SIKRI KALAN, India -- The most successful farmers in this north Indian hamlet live in large, roomy houses made of cement and bricks. All of them own at least one tractor.
The farmers owe their prosperity to the use of modern farming methods, which have boosted agricultural output dramatically in the past decade.
Bullock-drawn ploughs have been replaced by tractors and motor pumps water the fields, which are sprayed with chemical pesticides and fertilizers. While the big farmers own one or more tractors, others hire the machines during the planting season.
But a large group of people in Sikri Kalan, in Uttar Pradesh state, have no share of this prosperity. These are the landless peasant households, who make up about a third of the 200 families in the village.
Things have worsened for Brij Pal, who lives in a small hut with mud walls and a thatched roof. He has no land of his own and can no longer find enough work in the village to support his five-member family.
The big farmers hire him for 100 to 125 days every year. He is paid 50 rupees (slightly more than a dollar) for a 10-hour working day. Moreover, he is exposed to serious health risks on the fields.
Last year, he fell unconscious after inhaling the chemical pesticide he was spraying on the paddy crop. He was rushed to a doctor by some villagers. His employer did not pay him any compensation -- not even the cost of treatment -- though it took Pal a full week to recover, during which he could not work.
He is lucky to be alive. Pesticide poisoning recently killed a farmhand in a neighboring village.
Pal's wife Savita tries to supplement their income, but women are paid even less for working in the fields -- that is, when they can find work. The traditional women's job of removing weeds from the fields has been taken away by anti-weed chemicals.
Sikri Kalan is a "Green Revolution" village. The term is derived from India's three-decade-old farming revolution, which was ushered in by high-yielding wheat crops that helped make the country self-reliant in food.
Mechanization, chemical fertilizers and pesticides have been central to the Green Revolution, which has brought farm abundance and prosperity to a section of Indian farmers, especially in the northern states of Punjab and Haryana that adjoin Uttar Pradesh.
But critics have long faulted the farm development strategy for not taking into account the needs of the majority landless farmers in this mainly rural nation.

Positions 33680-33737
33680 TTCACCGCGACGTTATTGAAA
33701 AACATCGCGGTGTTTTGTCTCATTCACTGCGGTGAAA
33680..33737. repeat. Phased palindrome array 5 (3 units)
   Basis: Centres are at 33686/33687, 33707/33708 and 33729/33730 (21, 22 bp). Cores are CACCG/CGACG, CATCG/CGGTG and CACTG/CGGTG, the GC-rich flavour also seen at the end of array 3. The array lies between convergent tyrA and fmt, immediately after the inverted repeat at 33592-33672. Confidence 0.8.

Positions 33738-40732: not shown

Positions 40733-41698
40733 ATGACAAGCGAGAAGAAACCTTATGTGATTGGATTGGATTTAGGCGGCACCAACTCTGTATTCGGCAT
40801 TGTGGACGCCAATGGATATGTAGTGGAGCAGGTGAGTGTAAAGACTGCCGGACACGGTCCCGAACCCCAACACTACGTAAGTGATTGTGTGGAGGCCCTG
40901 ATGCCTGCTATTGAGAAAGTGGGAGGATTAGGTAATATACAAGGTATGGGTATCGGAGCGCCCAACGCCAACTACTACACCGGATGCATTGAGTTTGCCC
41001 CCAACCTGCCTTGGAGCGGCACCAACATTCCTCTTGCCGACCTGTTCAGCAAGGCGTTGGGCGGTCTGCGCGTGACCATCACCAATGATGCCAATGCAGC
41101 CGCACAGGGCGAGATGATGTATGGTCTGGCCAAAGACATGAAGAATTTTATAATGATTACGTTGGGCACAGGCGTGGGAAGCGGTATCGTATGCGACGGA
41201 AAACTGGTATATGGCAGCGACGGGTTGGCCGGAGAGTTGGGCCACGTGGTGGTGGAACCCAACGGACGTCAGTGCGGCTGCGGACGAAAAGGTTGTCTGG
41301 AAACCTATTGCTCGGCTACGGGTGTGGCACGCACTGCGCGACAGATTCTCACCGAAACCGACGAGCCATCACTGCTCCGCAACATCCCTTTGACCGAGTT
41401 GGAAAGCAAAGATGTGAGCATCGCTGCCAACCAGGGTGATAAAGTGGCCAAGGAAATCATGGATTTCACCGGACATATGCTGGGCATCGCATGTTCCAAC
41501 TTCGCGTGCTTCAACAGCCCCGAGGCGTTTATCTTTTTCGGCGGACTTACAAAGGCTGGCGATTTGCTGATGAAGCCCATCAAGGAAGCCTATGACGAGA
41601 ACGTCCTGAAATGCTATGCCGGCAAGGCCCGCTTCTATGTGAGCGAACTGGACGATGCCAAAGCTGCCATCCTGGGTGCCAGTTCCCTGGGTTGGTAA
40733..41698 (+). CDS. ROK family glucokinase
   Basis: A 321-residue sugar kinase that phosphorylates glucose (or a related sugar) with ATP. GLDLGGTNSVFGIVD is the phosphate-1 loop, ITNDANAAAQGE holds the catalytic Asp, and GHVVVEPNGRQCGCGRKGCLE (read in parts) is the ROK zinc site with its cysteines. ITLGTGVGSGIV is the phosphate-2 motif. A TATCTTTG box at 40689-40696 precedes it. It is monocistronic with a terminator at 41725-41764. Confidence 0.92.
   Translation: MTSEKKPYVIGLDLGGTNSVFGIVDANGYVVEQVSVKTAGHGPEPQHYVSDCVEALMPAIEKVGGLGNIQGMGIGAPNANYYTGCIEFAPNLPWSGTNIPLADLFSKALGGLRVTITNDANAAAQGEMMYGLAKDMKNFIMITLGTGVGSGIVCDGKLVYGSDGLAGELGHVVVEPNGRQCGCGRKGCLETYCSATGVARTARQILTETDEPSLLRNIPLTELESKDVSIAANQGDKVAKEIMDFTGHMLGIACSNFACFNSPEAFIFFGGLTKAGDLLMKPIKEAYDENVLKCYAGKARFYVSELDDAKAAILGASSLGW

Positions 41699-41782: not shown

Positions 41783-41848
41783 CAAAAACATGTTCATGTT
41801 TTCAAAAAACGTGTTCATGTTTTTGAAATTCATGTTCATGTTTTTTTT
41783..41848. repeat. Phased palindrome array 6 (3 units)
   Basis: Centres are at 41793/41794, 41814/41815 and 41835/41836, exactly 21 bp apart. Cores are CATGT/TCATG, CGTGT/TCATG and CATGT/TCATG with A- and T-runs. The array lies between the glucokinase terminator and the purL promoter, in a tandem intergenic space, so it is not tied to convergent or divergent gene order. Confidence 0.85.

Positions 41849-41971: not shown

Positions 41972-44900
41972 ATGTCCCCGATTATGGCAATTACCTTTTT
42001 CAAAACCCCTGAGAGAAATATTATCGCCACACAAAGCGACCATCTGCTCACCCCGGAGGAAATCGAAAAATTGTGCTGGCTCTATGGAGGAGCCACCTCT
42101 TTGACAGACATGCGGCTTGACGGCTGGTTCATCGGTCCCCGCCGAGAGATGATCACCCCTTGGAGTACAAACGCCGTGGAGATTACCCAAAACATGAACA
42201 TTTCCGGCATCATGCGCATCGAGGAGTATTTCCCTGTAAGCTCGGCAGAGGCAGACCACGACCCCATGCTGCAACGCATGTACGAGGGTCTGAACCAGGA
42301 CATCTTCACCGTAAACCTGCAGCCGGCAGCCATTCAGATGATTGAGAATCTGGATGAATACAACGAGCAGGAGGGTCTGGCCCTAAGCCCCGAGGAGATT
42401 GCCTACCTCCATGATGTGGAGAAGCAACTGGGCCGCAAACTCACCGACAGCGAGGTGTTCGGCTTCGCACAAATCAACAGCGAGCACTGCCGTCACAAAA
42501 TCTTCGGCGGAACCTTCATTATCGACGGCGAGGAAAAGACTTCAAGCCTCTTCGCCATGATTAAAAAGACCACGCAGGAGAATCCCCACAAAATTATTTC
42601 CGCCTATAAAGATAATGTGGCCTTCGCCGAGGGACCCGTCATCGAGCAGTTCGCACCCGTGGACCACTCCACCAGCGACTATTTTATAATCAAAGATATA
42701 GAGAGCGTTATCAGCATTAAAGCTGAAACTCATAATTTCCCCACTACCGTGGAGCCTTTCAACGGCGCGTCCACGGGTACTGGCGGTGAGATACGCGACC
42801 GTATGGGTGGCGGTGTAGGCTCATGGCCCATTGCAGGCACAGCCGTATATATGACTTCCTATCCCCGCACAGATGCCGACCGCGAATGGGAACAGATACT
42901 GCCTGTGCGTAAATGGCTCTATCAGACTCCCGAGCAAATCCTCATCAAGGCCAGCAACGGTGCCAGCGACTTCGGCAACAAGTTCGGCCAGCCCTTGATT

Nathiram, another landless farmworker in the village, has leased one hectare of land from a big landowner. In exchange, he has to hand over four-fifths of the harvest. Last year, he lost money on his paddy crop.
Nathiram and his wife Mangi complain that mechanization has reduced job opportunities. Previously, 10 workers were needed to sow the potato crop on a large farm. Now this is done by just two people, says Mangi.
The problems of the landless peasants of Sikri Kalan are shared by others in neighboring villages and other Green Revolution areas of India.
According to peasants' rights activist Surat Singh, who has travelled widely in the Green Revolution villages of Uttar Pradesh, 40 percent of people in these villages are still below the poverty line.
"Today, farm workers at most places do not get more than 100 days work in an year. Mechanization has greatly reduced the need for human labor," he says.
There is even less work for landless peasants in India's main Green Revolution area of Punjab, where big wheat and paddy farmers use harvesting machines.
In Sikri Kalan, rich farmers still use the traditional harvesting method. Farmhands are paid wages in the form of grain during the harvesting season and landless peasant families can earn enough grain to last them for a few months.
The large-scale displacement of human labor by modern farm machines is not only worsening poverty, but is said to be causing serious social and psychological problems.
In Punjab villages, where farms use mechanized harvesting methods, there has been a sharp rise in school drop-out rates among children of the poor, and even suicides in landless peasant families.
In the western state of Maharashtra, affluent sugarcane farmers are importing harvesting machines. The so-called "sugar barons" of Maharashtra, who wield considerable political clout, are reported to be pressing the government to slash import duties on the expensive machines made in Germany and Australia.
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